4) The fact that Sotomayor, like most of her conspirator brethren in the legal system, will not read the plain English of the constitution and come up with the obviously correct answer (minus the sophist garbage lawyers and judges have been feeding the gullible for years) is a rousing condemnation of any possible qualification for the SCOTUS. It is also a huge red flag that she does indeed subscribe to the idea that taking well defined and explicitly defined immunities/rights from unconvicted citizens is perfectly ok.

    5) If there is a need to restrain the keeping and carrying of arms, then article five is waiting for the specifics. No argument of "necessity" is sufficient to supersede the constitution; because if we allow the government to do what it wants because it says it needs to, regardless of having been FORBIDDEN to do so by its establishing charter, we now have a government that is acting as a de facto dictatorship, unrestrained by anything more concrete than "We wanted to, so we did."

    6) The constitution, as I mentioned above, is a restraint upon the federal government. With the 14th, some of that restraint (rights / immunities) extends to the state governments. This restraint remains in power to this day, despite its age, because of the oaths that the federal and state legislators are required to swear. NONE of this is a restraint upon today's citizen, unless you so choose to be restrained. This is because no contract is binding on an individual unless you (a) sign it, or (b) swear to it. No one can commit you to a contract you didn't sign or swear to. Including a bunch of dead guys who wrote a contract centuries ago. Therefore, regardless of what the feds do or don't do, the authorization they operate under did not come from you and does not obligate you as a party to it (again, unless you'd like to swear to your end of it or sign something to that effect... have you?) The upshot of this is that if the feds (and the states, for that matter) can't even be bothered to obey the founding charter that authorizes them to exist, and the oaths that bind them to that charter, why should you, as someone who has *not* sworn an oath or signed a contract, be constrained by anything they have to say? I mean, other than blatant threat of harm and unauthorized use of power? Which is, of course, again absolutely identical to the operation of a pure dictatorship: Do what I say, or I'll hurt you and yours. Straight-up coercion.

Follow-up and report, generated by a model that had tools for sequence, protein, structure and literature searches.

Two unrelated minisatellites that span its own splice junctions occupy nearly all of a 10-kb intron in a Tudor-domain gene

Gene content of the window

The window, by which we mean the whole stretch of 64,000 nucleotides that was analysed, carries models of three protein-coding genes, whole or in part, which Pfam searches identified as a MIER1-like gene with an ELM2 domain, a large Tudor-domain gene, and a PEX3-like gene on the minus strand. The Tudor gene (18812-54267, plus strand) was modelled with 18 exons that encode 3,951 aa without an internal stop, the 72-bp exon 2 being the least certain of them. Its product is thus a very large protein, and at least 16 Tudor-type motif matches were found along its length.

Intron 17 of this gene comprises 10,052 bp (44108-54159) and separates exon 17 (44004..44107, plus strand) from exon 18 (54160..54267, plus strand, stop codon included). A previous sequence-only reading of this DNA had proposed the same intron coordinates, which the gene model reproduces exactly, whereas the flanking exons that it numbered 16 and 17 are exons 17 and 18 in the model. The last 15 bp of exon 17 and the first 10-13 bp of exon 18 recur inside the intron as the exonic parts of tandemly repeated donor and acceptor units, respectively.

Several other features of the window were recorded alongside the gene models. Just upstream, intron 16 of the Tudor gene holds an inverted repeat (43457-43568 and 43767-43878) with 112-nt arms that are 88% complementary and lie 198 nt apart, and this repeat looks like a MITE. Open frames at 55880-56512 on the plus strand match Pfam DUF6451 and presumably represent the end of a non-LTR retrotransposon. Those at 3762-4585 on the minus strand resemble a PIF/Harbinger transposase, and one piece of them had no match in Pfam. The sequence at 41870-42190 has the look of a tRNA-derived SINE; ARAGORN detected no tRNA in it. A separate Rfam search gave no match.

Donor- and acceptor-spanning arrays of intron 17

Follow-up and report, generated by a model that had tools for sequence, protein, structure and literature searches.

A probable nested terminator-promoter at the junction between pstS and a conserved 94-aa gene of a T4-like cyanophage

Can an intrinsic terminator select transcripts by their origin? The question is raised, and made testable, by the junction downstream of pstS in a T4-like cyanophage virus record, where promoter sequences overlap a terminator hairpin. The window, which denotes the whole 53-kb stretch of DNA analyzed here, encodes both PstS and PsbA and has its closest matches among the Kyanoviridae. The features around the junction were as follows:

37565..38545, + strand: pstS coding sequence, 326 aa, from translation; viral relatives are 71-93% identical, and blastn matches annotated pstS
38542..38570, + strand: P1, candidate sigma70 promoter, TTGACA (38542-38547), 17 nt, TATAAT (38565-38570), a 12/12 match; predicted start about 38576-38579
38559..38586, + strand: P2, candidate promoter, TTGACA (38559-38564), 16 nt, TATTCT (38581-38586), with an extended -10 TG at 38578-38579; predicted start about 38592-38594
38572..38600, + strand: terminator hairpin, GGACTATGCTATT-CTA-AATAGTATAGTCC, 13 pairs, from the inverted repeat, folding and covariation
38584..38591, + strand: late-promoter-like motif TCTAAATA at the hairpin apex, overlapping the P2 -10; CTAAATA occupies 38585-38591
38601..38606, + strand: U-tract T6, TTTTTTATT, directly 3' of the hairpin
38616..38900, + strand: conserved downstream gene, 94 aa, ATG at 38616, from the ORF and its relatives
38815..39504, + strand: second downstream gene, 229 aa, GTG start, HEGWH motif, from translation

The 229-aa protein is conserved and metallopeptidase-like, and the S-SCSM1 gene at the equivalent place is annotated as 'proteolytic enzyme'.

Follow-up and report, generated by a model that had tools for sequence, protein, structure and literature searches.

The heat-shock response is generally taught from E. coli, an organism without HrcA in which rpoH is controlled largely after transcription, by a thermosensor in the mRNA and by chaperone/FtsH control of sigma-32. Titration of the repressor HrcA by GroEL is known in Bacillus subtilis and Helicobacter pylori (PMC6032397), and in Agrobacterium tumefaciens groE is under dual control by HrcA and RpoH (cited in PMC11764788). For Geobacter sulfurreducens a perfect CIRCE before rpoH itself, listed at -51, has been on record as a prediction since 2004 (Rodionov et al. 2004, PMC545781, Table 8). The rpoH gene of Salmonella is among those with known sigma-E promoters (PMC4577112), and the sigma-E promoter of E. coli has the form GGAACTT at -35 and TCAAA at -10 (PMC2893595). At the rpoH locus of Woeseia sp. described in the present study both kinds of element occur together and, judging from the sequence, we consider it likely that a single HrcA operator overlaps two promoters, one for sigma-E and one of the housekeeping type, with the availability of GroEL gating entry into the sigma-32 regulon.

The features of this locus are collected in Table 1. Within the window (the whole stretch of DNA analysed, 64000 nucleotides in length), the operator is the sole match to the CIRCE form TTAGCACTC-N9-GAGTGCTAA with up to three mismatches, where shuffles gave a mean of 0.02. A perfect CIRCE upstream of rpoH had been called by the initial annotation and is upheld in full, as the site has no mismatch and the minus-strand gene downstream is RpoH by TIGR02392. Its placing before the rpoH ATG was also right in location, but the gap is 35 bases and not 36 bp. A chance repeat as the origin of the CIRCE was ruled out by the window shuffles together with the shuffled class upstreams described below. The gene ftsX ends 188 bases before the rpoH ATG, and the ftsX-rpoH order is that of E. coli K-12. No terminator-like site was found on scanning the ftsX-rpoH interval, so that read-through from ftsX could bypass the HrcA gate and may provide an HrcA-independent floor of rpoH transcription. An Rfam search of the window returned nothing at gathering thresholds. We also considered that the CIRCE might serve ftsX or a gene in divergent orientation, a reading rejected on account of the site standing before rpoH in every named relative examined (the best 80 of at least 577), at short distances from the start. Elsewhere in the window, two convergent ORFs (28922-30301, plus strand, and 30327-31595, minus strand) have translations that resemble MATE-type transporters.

This society is destroying itself. Its long term demonstrated inability to implement the principles upon which it was founded are the very root of its illegitimacy; unable to hew to those principles, it founders at law, at honor, and at liberty. Today, it is a construct far out of control of the people, and without any clear guides whatsoever other than superstition, greed and raw accrual of power.

    If you had any power to do so, I'd suggest you work against the acceptance of Sotomayor; but you don't. You'll get Sotomayor because the power structure has decided it wants her, regardless of what you say or do.

    Chapman, like many of the bewildered, plays right into the hands of the current dictatorship when he asserts that there is an established legitimacy to infringement upon the people's right to keep and bear arms. He is completely, utterly wrong on *every* end of his assertions. There is no such legitimacy. There is only an established illusion based upon dictatorial and unauthorized misuse of power.

  • ||

    "The right to possess a gun is clearly not a fundamental right."
    -Sonia Sotomayor (2004 United States v. Sanchez-Villar)

    "The Supreme Court's chief previous ruling on the Second Amendment, in 1939, after all, rejected the idea that individuals have a right to own guns for personal use."

    So, she should ignore SCOTUS precedent (Heller), but should follow a different SCOTUS precedent (Miller)?

    The author debunks himself.

    US v Miller is a very poor case to use as n example. It really was a "throw the book at him and ignore the Constitution" case. Any rational (truthful) Libertarian leaning person would reject it.